The Origin Of Coffee

Have you ever asked yourself how coffee turned a beverage when you like to drink? Did you think about the discovery of coffee when you make a cup of coffee or you order a pack of coffee from the shop? Coffee is not only a popular drink but also a billion-dollar business. 

Have we ever thought about the origin of coffee when we drink coffee? Somebody may reply ‘‘YES’’ and somebody may remain silent because they never think about it. Well, there is a fascinating story behind the origin of coffee beans.

Origin of coffee

There is long and interesting history behind the popularity of coffee in the modern world. The discovery of coffee traces to the Ethiopian (Abyssinia) story.  Once a goat herder named Kaldi from Kaffa went to the plateau of Ethiopia for feeding his goat.

Suddenly, he noticed that his goats began jumping – almost dancing around him. It seemed to him as abnormal behavior. So, he was curious and he wanted to find out why his goats looked abnormal.

Kaldi saw the goats eat some berries from a shrub tree and he discovered the beans. He collected some of the fruits and came back home. He shared this finding with his wife. His wife advised him to take them to the nearest monastery.  

Kaldi showed these fruits to the monks. The monks denied them and threw them on fire. Interestingly, a monk felt the aroma of these fruits coming from the fire and then he collected these roasted beans and put them into hot water.

The monk felt more curious about aroma and got energy from it. The monks started using these beans for getting energy during their night prayer. This legendary story happened around 850 AD.

But nobody can prove this story authentically. Whether this story is true or false, it is commonly believed that coffee was discovered in Ethiopia.

The Yemenite story

Ghothul Akhbar Nooruddin Abu Al-Hasan Al-Shadhili, a Yemeni Sufi, was traveling to Ethiopia for spiritual matters. He found some energetic birds who were eating some fruit of Bunn(known as coffee). He was very tired and he decided to get energy by eating these beans. He ate these beans and he felt vigorous energy.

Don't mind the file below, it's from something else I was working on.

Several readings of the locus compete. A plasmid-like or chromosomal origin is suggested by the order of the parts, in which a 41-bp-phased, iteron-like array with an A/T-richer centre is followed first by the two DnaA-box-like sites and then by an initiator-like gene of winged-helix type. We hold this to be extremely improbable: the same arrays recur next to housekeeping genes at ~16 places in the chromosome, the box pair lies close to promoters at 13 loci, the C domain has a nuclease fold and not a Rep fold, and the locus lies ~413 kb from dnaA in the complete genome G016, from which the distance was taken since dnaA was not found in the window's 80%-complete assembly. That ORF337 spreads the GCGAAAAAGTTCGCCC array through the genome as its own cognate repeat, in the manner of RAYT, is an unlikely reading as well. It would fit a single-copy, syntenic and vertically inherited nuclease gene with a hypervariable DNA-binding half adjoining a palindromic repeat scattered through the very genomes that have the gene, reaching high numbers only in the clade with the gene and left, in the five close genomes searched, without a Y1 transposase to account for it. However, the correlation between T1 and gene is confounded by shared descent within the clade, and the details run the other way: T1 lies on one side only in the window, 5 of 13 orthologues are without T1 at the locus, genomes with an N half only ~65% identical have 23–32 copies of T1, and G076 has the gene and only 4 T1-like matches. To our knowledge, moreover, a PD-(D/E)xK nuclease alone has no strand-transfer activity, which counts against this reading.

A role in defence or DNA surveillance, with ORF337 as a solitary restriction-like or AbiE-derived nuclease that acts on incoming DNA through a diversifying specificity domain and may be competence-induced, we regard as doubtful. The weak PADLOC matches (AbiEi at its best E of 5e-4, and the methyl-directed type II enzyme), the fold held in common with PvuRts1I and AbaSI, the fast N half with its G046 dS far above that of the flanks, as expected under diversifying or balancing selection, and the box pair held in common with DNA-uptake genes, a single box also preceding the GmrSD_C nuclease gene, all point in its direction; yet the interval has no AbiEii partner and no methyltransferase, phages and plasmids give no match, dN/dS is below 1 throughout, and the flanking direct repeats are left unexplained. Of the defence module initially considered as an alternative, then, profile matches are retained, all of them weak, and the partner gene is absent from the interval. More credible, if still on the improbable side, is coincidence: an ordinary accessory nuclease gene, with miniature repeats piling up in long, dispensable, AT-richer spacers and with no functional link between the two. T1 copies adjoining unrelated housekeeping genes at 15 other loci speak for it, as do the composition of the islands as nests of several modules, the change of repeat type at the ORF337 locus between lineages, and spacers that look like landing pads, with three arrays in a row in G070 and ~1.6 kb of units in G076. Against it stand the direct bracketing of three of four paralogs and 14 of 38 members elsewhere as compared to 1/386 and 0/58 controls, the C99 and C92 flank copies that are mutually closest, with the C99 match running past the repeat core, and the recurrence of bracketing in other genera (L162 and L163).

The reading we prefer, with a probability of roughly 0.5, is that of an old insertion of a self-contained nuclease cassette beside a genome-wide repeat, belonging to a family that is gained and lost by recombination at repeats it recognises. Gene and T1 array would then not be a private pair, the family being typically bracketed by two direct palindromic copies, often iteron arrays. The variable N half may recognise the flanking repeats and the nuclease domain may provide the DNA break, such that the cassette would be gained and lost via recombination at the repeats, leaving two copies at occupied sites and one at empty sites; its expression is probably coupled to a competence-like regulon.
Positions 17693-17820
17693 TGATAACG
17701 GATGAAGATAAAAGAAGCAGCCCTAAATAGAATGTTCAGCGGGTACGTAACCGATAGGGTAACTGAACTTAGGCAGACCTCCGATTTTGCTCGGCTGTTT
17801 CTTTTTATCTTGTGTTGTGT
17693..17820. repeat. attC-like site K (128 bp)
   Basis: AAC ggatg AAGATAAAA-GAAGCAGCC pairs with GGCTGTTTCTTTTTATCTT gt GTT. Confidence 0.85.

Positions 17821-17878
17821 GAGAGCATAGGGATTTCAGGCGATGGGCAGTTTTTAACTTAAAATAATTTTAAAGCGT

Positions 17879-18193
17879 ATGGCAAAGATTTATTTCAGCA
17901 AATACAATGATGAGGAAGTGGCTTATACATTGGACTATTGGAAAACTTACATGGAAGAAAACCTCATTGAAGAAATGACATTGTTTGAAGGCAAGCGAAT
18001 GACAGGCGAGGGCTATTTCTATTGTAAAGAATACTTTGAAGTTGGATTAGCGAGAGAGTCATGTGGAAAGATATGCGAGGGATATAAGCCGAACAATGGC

Some scholars consider both stories as myths or legends because they lack enough sources or evidence. But It is clear to us that coffee was discovered in these areas.

The root of the ‘Coffee’ word

The English word ‘coffee’ was borrowed from the Dutch word ‘Koffie’ which was derived from the Ottoman Turkish word Kahve and Kahve was borrowed from the Arabic ‘’qahwah”. So, It’s apparent to us that the origin or familiarity of coffee started from Arab or from its surrounding area.

How coffee was spread throughout the Middle East?

In Yemen, Sufis used coffee as a beverage and they took this beverage for concentration in prayer at night. Normally, coffee was used to keep the Sufis alert at nighttime.

This plant became more popular and it was known in Mecca and Medina immediately. By 1500, Coffee was spread out in Cairo of Mameluke Sultanate, Damascus, Bagdad, and in north Africa from the port of Mocha in Yemen

There were myriad coffee houses set up in Cairo and then these coffee houses grew up in Syria. People opened coffee houses in Istanbul, the capital of the Ottoman empire in 1554.

Leonhard Rauwolf, a German physician, noted coffee in Aleppo as the first European in 1573 and later other Europeans followed his description. The European were getting known to coffee gradually. 

How coffee was reached in Europe?

Coffee was introduced in Hungary first when the ottoman empire invaded at the war of Mohacs in 1526 and then It reached Vienna during the Siege of Vienna by the same Turks in 1529.